Ashley Nault - Apr 23, 2012

Haiti is undeniably one of the most fascinating destinations in the Caribbean. Unfortunately, the country's tourism industry suffered immensely from the earthquake that has ravaged its islands back in 2010. The said earthquake had caused the loss of a large number of properties, and worse the lives of hundreds of Haiti nationals. The world became witness to the debilitating tragedy which then triggered various movements and cause-driven initiatives, all in support of the country's recovery.

Now a couple of years after the aforementioned natural calamity which had destroyed much of the country's capital's infrastructure and livelihood, things are finally looking hopeful for Haiti and its people. This is the result of sustained and united efforts from the government, non-profit organizations, various corporate entities, and worldwide community. Moreover, this revival is also vastly attributed to the sheer audacity inherent to the Haitian people who have already seen various atrocities - whether political or natural - in the past.

A construction development is now underway in Haiti's capital, Port-au-Prince. Amidst the rubbles, the Occidental Luxury Hotel has recently been completed. This hotel serves as a testament to Haiti's unwavering initiatives to rekindle its previous glory. The Occidental Luxury Hotel is replete with all the essentials for a five-star accommodation: comfortable rooms, lifestyle amenities, and even an infinity pool strategically situated on the building's rooftop. The Marriot is also set to be launched sometime in 2014.

Aside from the Occidental Luxury Hotel and The Marriot, other infrastructures are also in their conceptual phase. For instance, the worldwide organization, The Red Cross, is bent on emulating the project enacted by the Kenya Red Cross Society which had established the four-star accommodation The Red Court Hotel in Kenya. Haiti's Red Cross organization is planning to erect a hotel near the national airport. This prospect, as viewed by the organization, poses a lot of benefits both to tourists and Haitian residents.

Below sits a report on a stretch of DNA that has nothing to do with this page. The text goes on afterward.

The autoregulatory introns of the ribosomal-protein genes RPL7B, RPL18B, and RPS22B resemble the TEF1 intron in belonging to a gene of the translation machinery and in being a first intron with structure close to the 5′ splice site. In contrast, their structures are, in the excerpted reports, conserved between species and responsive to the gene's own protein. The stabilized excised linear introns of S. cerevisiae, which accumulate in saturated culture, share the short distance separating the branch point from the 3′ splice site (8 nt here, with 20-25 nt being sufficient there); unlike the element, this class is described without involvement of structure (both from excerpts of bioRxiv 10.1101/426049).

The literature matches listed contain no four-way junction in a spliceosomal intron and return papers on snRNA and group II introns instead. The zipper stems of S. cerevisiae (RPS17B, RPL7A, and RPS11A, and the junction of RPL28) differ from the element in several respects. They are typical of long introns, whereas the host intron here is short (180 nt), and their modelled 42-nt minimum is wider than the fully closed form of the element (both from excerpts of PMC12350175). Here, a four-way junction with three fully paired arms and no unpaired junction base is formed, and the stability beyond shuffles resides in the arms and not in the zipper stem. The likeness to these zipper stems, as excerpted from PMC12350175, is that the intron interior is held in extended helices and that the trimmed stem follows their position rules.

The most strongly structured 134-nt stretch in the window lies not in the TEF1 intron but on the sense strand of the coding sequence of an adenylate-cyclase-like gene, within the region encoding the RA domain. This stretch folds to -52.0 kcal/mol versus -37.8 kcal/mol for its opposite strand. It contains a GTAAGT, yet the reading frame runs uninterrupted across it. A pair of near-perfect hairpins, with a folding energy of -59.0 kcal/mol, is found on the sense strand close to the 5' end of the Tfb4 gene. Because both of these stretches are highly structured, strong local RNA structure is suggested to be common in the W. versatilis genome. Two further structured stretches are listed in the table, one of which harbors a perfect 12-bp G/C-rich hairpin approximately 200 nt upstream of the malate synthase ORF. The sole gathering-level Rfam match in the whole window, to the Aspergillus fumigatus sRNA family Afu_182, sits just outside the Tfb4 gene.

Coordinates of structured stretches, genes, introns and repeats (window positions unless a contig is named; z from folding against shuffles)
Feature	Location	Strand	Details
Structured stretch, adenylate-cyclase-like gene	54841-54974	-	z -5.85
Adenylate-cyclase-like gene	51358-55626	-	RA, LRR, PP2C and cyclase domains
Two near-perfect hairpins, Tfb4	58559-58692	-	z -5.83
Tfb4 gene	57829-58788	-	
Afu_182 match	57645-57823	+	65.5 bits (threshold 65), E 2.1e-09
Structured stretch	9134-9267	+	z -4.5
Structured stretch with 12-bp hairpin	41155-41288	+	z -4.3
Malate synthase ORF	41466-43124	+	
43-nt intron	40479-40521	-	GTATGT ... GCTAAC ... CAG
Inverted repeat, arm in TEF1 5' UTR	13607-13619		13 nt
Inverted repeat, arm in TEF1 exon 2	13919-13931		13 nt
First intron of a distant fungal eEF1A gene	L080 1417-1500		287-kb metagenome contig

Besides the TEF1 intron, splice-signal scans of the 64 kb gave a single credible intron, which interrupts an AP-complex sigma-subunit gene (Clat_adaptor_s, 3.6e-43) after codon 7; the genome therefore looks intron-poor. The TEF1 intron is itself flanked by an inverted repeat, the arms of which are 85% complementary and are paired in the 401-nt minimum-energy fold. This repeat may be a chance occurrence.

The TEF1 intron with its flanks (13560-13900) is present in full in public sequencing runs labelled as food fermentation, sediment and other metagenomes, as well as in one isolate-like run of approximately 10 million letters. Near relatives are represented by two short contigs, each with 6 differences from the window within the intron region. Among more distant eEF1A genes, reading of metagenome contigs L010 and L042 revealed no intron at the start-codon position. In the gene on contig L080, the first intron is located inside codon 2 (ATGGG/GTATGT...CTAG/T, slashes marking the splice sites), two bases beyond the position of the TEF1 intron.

Other tourism efforts are also being polished such as the so called Cruise with a Cause. This is said to be Port-au-Prince's first ever cruise vessel after more than two decades of cruise inactivity in the capital. According to several meetings and discussions, this project is set to "sail" in the year 2013.

In order to further reinforce the country's tourism revival, its major airports are also being rehabilitated. The Port-au-Prince International Airport is currently under reconstruction. This project is costing the country of Haiti millions upon millions of dollars, but the authorities believe that this expense is a rather practical investment. Another airport, Cap-Haitien International Airport, is also scheduled to be launched in 2013.

These rebuilding efforts will draw funds from the so called "tourist card" which will be mandated to all non-Haitian vacationers and tourists. This approach will incorporate tax levies on various tourism prerequisites such as plane ticket prices. Of course this would mean that tourists who wish to visit the country are expected to spend more than the usual, but the government and other tourism experts are convinced that this will eventually prove beneficial to all individuals and groups involved, especially for the people of Haiti.

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